PHA and the City have long recognized that PHA, while maintaining “high performer” status under HUD regulations, owns and manages significant numbers of “problem properties” due to criminal behavior of residents, guests and third parties on PHA properties. Ex. 202 to 3rd Shoemaker Aff., PHA22440; Ex. 203 to 3rd Shoemaker Aff., PHA22475-476. Since 1991, the City and PHA have had a special partnership called “ACOP” whereby a platoon of City police are devoted solely to policing PHA family developments. Ex. 161 to 3rd Shoemaker Aff., PHA656-660. The City police services under ACOP are above and beyond the “baseline” police services PHA is provided with like any other resident or business in the City. Ex. 160 to 3rd Shoemaker Aff., PHA0591(2003 ACOP contract). At times, there are arrests of PHA residents and gang activity. Hester (1st), 146-48. The City has received over $8 million from PHA for supplemental police services since 1991. Ex. 159 to 3rd Shoemaker Aff., PHA585.
PHA and the City submitted grant applications for ACOP through the 1990s and funding continued through 2001. Ex. 162 to 3rd Shoemaker Aff., PHA3194-3390 (1999 DEP application). PHA’s PHDEP application for 1999 for funding for two years through 2001 shows that PHA and City knew criminal activity was so extensive at PHA rentals that City and PHA needed federal funds to combat the crime in PHA properties. Id.
PHA has “problem properties” and police officers live in PHA Hi-Rises. Ex. 162 to
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3rd Shoemaker Aff., PHA3248. Thereafter, PHA used capital funds to help fund this special policing arrangement. PHA and the City see the ACOP program as being very necessary for a number of reasons including to keep the lid on significant criminal gang activity in and around PHA properties. Ex. 162 to 3rd Shoemaker Aff., PHA3313-14 – Chief Finney letter 5-27-99, re - problems and strategy).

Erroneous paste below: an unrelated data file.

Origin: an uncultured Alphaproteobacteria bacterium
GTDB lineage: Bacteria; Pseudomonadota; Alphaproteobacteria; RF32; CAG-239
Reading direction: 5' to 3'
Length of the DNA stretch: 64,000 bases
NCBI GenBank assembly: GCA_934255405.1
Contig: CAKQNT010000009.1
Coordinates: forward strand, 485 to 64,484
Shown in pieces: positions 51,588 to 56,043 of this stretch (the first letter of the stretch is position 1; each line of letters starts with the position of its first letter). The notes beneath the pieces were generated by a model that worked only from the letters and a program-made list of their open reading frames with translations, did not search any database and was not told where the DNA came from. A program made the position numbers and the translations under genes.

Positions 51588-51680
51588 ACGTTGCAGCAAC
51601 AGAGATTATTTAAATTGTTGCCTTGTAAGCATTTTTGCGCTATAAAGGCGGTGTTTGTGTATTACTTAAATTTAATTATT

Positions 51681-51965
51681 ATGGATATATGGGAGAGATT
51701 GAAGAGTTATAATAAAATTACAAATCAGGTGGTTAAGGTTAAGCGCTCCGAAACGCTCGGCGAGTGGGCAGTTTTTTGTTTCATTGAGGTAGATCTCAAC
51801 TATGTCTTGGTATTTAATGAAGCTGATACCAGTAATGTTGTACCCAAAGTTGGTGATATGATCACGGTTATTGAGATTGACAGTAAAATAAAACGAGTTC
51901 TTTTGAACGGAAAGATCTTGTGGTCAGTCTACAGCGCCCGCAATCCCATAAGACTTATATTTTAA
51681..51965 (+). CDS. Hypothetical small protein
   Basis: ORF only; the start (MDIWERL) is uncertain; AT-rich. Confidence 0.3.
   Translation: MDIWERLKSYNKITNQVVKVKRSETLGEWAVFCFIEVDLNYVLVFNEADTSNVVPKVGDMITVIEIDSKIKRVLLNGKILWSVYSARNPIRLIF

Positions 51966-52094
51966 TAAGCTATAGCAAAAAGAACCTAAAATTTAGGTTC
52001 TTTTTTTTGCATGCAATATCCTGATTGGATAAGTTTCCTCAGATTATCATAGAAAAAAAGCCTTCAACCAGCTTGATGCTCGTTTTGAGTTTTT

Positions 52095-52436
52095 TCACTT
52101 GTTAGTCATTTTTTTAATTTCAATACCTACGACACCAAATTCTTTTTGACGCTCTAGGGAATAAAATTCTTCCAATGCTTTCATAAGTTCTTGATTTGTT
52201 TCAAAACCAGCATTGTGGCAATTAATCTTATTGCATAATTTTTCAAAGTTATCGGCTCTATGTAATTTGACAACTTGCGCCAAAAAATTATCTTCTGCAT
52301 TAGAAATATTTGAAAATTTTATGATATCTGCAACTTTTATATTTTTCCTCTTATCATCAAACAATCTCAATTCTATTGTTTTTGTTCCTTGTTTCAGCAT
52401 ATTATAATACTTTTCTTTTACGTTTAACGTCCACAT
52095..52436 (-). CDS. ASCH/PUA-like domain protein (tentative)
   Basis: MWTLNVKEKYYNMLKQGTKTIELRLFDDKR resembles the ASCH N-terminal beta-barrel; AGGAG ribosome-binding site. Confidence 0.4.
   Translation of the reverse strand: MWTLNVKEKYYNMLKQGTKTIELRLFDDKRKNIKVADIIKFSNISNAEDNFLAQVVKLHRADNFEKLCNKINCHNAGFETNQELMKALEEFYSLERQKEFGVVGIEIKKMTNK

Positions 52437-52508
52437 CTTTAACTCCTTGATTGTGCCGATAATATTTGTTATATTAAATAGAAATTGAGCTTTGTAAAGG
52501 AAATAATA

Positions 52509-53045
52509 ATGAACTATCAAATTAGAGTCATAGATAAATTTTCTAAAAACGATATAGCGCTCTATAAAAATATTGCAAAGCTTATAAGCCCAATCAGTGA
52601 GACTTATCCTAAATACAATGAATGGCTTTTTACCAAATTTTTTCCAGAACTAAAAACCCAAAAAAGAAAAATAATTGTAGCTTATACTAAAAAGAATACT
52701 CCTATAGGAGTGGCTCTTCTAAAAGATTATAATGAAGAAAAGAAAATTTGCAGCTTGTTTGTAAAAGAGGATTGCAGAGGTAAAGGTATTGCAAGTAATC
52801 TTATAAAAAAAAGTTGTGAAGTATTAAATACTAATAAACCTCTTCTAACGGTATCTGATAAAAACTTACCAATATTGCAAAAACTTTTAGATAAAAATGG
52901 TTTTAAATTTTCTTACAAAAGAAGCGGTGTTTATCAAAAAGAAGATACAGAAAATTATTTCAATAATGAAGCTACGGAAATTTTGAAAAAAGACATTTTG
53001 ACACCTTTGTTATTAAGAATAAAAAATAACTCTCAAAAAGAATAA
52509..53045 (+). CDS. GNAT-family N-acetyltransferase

The City and PHA detail the significant criminal activity at PHA properties that supports their conclusion that PHA owns and manages “Problem Properties”. Ex. 162 to 3rd Shoemaker Aff., PHA 3194-3390; (drug related crime and gangs in PHA – Ex. 163 to 3rd Shoemaker Aff., PHA4114-4125; Ex. 156 to 3rd Shoemaker Aff., PHA283-285; Ex. 158 to 3rd Shoemaker Aff., PHA408-417; Ex. 155 to 3rd Shoemaker Aff., 271-272. PHA understands that definition of “problem properties: “loosely defined as those [properties] having numerous code violations, police calls and criminal activity, and/or poor property management practices.” Ex. 193 to 3rd Shoemaker Aff., PHA21332, Ex. 194 to 3rd Shoemaker Aff., PHA21356; Ex. 199 to 3rd Shoemaker Aff., PHA22191; Ex. 201 to 3rd Shoemaker Aff., PHA22206-208; Ex. 202 to 3rd Shoemaker Aff., PHA22440, Ex. 203 to 3rd Shoemaker Aff., PHA22475-476; Ex. 204 to 3rd Shoemaker Aff., PHA22803, Ex. 205 to 3rd Shoemaker Aff., PHA22806-08. City Police reports for criminal activity connected to PHA rental properties were sent to Assistant Chief Reding, a member of the PHA Board. P Ex. 157 to 3rd Shoemaker Aff., PHA288-307 (reports during 2003-2004).
CITY POLICE OFFICIAL SERVED ON PHA BOARD
In October 2001, Assistant Chief of Saint Paul Police, Tom Reding, was appointed to a